In the early 1970s the first women’s refuges and rape crisis services were established by feminists, who were increasingly aware of the prevalence of rape, sexual abuse and family violence in New Zealand. The services were run by women who were often survivors of violence themselves, and understood the experience of being a victim.
In the late 1970s and early 1980s property crime surged. Community concern led to the formation of Neighbourhood Watch in 1980, a scheme for neighbours to support each other in preventing burglaries. Widespread horror at a violent sexual attack in Auckland in 1983 led to an expanded scheme, Neighbourhood Support. In 1985 Citizens Against Violence was formed in Auckland, and circulated a petition calling for increased penalties for violent crime. That year the Salvation Army in Auckland began a victim support service, and a police-initiated service began in Gisborne. Soon other Salvation Army, police and community-run schemes emerged.
An international movement
In 1985 New Zealand signed the United Nations Declaration of Basic Principles of Justice for Victims of Crime and Abuse of Power. This urged consideration of the victims’ perspective, and called for fair access to, and information about, justice services, restitution, and compensation for injury. New Zealand was co-sponsor of the UN declaration, and this led activists to demand more government action on victims’ rights in this country.
Against this background of mounting anxiety about crime and concern for victims, the Criminal Justice Act 1985 introduced new sentences, including reparation. Used mainly for property offences, reparation involved both restitution and reconciliation. At a meeting mediated by probation officers, the victim and offender discussed how much money would make good the damage done. Reparation could be the only sentence, or imposed along with another such as community service. Importantly, it gave victims the opportunity to participate in the justice process. However it soon proved time-consuming to administer, and was used less often. In any case, many offenders did not or could not pay reparation.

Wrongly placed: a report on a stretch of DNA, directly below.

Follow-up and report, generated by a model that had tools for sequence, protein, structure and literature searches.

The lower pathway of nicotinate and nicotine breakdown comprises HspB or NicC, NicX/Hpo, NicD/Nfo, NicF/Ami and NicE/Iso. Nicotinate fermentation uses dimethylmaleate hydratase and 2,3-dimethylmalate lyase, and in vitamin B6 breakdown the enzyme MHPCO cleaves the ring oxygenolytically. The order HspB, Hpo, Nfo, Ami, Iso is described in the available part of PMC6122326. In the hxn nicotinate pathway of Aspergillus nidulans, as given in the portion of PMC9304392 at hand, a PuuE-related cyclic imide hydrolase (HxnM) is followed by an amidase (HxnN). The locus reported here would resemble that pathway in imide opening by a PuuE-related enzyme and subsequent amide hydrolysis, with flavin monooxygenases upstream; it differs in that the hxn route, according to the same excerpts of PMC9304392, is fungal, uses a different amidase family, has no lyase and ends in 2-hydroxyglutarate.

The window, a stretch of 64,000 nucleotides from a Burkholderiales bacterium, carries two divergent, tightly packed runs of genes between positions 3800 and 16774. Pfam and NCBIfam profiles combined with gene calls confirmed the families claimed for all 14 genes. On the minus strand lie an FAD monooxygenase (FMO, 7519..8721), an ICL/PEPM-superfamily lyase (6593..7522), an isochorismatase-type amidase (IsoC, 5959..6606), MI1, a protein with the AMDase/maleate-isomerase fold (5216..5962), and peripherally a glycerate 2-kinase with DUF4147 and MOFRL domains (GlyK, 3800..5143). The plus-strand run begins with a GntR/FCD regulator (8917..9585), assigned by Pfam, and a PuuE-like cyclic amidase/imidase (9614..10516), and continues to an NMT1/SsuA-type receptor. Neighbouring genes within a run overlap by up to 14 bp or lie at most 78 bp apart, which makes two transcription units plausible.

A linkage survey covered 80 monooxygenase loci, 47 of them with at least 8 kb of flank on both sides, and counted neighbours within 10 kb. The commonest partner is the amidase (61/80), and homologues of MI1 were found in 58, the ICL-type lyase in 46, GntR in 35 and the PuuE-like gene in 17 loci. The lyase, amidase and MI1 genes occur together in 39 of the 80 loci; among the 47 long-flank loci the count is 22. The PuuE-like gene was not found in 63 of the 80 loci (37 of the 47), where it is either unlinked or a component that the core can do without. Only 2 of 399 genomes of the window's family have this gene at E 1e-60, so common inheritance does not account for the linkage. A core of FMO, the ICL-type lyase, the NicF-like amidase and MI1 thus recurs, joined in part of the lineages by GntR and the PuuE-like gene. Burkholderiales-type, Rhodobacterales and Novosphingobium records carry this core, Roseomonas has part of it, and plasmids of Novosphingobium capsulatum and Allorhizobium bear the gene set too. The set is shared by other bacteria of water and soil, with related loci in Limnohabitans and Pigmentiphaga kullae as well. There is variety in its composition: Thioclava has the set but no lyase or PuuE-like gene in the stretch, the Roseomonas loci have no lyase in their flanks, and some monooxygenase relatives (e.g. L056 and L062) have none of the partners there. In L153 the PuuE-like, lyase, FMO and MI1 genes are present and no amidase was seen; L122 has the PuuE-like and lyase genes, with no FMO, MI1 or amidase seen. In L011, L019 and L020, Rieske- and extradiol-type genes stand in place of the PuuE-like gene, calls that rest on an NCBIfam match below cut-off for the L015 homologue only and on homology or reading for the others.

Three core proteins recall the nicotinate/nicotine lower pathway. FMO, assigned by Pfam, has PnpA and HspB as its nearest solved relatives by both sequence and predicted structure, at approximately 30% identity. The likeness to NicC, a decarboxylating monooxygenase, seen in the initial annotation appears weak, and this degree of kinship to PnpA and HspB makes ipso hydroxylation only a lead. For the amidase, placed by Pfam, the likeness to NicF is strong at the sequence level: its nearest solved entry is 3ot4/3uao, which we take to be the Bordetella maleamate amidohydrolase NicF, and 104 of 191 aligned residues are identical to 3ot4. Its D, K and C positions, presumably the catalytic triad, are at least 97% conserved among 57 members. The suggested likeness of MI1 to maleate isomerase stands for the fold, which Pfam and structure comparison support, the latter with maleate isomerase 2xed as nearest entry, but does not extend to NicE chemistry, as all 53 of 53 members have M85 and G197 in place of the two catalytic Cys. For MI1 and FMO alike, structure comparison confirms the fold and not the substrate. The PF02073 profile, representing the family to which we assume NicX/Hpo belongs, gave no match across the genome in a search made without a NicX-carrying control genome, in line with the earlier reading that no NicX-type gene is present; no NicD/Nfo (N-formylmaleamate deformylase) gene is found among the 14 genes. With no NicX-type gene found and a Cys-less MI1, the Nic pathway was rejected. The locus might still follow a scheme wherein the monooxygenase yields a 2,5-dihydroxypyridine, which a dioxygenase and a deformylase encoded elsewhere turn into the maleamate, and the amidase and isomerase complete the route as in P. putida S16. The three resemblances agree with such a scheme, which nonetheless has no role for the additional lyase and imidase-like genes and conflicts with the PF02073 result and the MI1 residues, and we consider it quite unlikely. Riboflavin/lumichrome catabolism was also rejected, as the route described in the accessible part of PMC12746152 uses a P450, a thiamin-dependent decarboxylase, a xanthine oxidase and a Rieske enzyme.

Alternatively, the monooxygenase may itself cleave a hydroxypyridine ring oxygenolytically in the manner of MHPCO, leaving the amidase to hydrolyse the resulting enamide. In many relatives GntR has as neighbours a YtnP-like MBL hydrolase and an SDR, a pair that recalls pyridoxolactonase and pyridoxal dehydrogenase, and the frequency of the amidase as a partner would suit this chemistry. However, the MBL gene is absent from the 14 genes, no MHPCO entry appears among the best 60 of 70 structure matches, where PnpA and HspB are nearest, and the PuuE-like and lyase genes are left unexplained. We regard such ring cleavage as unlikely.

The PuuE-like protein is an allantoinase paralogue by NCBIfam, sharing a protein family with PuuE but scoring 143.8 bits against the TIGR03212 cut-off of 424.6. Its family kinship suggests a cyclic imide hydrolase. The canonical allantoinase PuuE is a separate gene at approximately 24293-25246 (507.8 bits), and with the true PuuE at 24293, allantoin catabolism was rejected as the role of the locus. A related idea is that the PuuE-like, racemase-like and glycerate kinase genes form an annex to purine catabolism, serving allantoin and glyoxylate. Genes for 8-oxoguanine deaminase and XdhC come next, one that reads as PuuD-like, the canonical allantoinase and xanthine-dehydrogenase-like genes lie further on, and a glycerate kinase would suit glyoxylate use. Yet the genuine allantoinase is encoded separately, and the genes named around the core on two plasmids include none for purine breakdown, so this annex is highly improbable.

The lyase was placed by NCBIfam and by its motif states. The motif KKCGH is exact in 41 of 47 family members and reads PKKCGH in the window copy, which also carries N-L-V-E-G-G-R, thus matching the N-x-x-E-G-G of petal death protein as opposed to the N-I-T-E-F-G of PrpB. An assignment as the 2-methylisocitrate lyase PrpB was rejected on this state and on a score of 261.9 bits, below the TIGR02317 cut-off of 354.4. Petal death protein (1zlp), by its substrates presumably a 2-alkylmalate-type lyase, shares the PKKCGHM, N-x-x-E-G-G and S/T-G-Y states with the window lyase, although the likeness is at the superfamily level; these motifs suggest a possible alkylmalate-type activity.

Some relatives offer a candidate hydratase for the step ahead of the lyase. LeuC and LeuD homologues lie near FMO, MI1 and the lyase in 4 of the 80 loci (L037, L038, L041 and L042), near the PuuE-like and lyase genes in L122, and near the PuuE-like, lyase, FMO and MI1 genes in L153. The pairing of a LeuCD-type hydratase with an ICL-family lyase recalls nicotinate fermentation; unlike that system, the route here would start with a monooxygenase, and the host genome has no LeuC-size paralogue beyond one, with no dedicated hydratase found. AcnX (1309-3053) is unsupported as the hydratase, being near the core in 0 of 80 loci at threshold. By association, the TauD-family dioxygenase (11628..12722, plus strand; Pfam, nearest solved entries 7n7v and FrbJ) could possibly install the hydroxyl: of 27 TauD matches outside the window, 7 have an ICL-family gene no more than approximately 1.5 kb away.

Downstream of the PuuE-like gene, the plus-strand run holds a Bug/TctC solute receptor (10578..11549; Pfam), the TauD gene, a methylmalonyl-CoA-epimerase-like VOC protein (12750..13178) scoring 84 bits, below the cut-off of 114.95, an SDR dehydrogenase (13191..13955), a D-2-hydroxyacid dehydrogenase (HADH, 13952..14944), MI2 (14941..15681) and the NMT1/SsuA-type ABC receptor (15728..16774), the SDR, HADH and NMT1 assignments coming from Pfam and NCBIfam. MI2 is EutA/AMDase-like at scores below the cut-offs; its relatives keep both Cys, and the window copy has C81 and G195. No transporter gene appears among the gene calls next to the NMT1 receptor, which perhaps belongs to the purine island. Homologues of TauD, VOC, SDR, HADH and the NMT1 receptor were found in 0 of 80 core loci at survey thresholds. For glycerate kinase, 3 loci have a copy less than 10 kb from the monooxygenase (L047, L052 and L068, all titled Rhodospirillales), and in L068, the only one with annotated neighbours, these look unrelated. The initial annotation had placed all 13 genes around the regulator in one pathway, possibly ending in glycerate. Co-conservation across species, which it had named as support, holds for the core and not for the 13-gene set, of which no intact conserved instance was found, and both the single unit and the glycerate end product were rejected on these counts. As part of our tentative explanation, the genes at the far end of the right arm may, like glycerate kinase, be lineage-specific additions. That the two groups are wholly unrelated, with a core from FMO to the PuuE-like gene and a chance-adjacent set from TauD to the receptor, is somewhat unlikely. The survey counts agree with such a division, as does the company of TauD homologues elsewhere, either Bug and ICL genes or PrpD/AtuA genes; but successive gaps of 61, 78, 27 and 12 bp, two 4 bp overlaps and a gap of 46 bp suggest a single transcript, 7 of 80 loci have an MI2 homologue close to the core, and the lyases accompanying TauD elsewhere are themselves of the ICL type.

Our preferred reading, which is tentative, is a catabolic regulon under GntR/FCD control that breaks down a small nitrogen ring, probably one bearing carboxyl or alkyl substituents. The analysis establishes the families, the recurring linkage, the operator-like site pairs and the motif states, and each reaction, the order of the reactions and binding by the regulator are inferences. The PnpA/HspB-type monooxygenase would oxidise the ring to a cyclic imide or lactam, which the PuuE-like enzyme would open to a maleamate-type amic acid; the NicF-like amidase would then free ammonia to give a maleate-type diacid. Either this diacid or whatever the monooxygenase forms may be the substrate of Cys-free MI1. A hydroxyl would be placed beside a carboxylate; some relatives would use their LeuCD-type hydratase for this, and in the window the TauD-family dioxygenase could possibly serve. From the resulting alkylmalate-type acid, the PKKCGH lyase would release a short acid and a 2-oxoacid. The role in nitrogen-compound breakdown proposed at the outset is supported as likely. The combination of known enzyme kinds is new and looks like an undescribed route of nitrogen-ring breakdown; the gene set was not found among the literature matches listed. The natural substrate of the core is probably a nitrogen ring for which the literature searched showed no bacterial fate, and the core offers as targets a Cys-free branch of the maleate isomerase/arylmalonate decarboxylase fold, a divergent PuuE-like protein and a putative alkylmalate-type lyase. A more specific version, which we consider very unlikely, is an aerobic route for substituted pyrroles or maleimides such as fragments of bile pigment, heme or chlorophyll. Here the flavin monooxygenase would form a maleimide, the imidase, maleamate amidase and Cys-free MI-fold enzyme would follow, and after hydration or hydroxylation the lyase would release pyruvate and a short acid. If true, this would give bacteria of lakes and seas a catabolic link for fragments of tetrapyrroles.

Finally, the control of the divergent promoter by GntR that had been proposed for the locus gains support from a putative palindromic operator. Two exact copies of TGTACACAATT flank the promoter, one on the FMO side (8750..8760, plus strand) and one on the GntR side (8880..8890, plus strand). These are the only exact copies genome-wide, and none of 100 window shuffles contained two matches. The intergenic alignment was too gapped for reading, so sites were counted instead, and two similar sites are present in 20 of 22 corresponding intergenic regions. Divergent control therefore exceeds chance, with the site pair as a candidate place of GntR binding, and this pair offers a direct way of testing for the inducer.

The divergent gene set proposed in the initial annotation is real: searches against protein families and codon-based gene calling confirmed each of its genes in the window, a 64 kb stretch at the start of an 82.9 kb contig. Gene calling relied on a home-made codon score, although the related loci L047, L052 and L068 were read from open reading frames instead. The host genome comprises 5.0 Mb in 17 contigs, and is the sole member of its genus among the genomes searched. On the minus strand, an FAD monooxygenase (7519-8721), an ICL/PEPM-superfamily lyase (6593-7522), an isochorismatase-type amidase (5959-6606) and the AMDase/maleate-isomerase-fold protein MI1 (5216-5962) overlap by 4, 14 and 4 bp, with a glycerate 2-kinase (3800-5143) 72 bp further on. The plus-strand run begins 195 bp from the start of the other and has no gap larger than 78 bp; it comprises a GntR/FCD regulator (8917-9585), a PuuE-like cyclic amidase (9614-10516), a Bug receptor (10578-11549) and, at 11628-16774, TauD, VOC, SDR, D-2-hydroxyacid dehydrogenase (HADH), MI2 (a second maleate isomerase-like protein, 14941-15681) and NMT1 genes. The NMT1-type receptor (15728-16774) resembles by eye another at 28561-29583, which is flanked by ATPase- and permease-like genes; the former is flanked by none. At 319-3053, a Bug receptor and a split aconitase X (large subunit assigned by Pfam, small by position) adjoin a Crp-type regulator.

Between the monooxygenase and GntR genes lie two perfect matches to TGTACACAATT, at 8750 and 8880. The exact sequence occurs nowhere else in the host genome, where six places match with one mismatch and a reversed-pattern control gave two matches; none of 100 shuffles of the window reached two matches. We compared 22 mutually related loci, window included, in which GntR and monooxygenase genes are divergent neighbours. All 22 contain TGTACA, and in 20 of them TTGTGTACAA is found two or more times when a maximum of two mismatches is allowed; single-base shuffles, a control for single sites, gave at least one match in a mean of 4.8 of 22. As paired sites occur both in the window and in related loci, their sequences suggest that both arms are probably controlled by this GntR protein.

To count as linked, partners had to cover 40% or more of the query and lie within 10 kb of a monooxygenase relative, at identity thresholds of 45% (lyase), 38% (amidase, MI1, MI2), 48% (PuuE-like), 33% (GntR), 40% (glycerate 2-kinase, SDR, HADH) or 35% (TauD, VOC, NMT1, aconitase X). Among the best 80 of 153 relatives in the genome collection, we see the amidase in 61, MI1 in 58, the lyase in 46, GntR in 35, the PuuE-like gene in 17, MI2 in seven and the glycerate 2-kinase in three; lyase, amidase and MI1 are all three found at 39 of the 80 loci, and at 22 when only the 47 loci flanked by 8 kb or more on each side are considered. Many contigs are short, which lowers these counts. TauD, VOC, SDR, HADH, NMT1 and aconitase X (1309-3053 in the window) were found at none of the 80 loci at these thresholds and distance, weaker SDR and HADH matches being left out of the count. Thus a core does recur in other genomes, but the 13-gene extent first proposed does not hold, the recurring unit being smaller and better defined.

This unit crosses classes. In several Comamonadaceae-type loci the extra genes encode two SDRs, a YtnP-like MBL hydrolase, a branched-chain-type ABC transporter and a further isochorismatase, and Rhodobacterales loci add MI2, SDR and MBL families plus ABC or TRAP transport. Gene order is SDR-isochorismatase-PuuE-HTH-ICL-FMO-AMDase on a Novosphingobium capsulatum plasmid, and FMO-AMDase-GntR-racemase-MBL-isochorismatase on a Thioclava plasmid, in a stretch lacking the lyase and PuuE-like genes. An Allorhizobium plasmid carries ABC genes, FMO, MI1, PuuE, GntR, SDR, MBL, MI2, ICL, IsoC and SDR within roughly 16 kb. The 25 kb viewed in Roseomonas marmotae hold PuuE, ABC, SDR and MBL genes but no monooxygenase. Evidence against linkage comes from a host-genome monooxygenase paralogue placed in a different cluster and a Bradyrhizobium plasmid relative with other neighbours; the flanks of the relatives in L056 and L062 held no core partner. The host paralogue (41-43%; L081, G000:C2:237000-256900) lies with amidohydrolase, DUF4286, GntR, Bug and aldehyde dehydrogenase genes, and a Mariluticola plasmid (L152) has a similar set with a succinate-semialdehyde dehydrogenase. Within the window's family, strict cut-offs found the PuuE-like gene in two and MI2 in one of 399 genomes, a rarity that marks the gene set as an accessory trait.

Support for victims
In 1987 a committee of inquiry into violence recommended police training in victim support, and better services for victims. It also supported the provisions of a Victims’ Rights bill then before parliament.
The Victims of Offences Act 1987 was a breakthrough for victims of crime. They were granted rights to health and welfare services, and legal advice and help. Judges were to be given a victim impact statement, describing the effects of the crime, at sentencing time. Victims could have input into decisions about bail for certain offences, and apply to be notified if an offender escaped or was released from prison. The Victims Taskforce was set up to ensure victims received information about their rights, and to co-ordinate support services.
In 1990 the New Zealand Council of Victim Support Groups, better known as Victim Support, became the national coordinating body for victim support organisations, providing a 24-hour 7-day-a-week support service for crime and trauma victims. It also advocated on behalf of victims, and later administered government-funded schemes to provide or subsidise counselling and other costs for victims of serious crime.